How are Romeo from Romeo and Juliet and Tony from West Side Story alike and different?
Since West Side Story is based off Romeo and Juliet, the plots of both stories have much in common, as do their main characters. Still, West Side Story is an adaptation meant to show the story in a new light, so certain things about Romeo were changed when he was rewritten as Tony.
First, the two characters occupy different positions in their social worlds. Romeo's family, the Montagues, are very wealthy and have a lot of social power in Verona. Tony, as the child of poor Polish immigrants, does not.
A social similarity they both have is their recent absence from their usual social life. Tony has been missing from the gang life of the Jets for a month, while Romeo has been moping around, too love-sick for Rosaline to engage with his friends and family. On a related note, both seem sick of the constant fighting that defines their world. Romeo seems always more of a lover than a fighter, rejecting Tybalt's taunts and attempt to engage him in a sword fight after Romeo secretly marries Juliet (making Tybalt his kin). Tony also seems sick of fighting, having given up his role as leader of the gang and seeking to distance himself from gang life.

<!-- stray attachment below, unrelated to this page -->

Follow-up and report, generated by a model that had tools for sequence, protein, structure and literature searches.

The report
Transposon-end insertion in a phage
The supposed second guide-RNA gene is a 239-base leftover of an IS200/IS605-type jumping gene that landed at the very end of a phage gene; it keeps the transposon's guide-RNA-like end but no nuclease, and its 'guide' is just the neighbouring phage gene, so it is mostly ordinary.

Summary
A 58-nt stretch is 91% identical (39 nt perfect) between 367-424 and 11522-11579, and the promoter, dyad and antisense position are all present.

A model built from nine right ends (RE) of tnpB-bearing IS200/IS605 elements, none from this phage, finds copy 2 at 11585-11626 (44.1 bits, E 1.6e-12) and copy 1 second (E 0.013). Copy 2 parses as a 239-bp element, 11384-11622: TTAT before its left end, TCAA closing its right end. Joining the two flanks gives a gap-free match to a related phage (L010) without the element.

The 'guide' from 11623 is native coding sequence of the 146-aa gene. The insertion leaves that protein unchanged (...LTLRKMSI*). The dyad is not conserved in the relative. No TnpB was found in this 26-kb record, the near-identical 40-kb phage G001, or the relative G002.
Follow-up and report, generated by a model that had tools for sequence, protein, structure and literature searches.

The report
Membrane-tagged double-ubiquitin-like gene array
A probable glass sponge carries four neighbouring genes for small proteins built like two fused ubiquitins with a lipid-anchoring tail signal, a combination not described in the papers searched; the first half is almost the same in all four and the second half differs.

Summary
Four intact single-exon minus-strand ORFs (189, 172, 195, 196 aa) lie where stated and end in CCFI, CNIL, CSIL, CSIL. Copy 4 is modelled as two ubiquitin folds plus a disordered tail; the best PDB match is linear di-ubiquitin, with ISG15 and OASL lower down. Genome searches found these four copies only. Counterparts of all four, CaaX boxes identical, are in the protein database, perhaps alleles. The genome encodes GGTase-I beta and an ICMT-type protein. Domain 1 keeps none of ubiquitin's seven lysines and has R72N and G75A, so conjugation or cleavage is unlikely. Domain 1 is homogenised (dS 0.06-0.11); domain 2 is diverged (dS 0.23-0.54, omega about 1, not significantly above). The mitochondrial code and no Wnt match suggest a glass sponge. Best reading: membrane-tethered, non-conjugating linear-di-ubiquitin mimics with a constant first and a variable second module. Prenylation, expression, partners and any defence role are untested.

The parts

The differences here are more subtle. While Romeo is pulled away from the conflict by his all-consuming infatuations (first with Rosaline, then Juliet), Tony makes a more active decision to renounce gang life and fighting. Romeo's refusal to fight Tybalt seems more a passive response to Juliet's assumed wishes than the moral stand that Tony is trying to make. This is one example of how Tony seems more mature and thoughtful than the rash Romeo.
Another moment for similarities and differences is at the meeting of their true love. In both stories, the moment of meeting is "love at first sight," where the beloved stands out from the crowd and Romeo and Tony engage in a romantic moment (sonnet and kiss for the former, dance for the latter). A difference lies in their reactions upon discovering the girls' backgrounds. Romeo is immediately concerned that Juliet is a Capulet, but Tony seems more blasé about it, saying Maria's father will like him.
As many of these plot-based decisions suggest, Romeo is more of an unrealistic dreamer than Tony is, much more inclined to mope in self-pity over a girl. Tony seems more self-assured than Romeo, especially in taking a moral stand over the fighting and trying to stay out of gang life and move on. While Romeo sees the family feud as inevitable and impossible to circumvent, Tony believes that he can break up the rumble and leave gang life behind.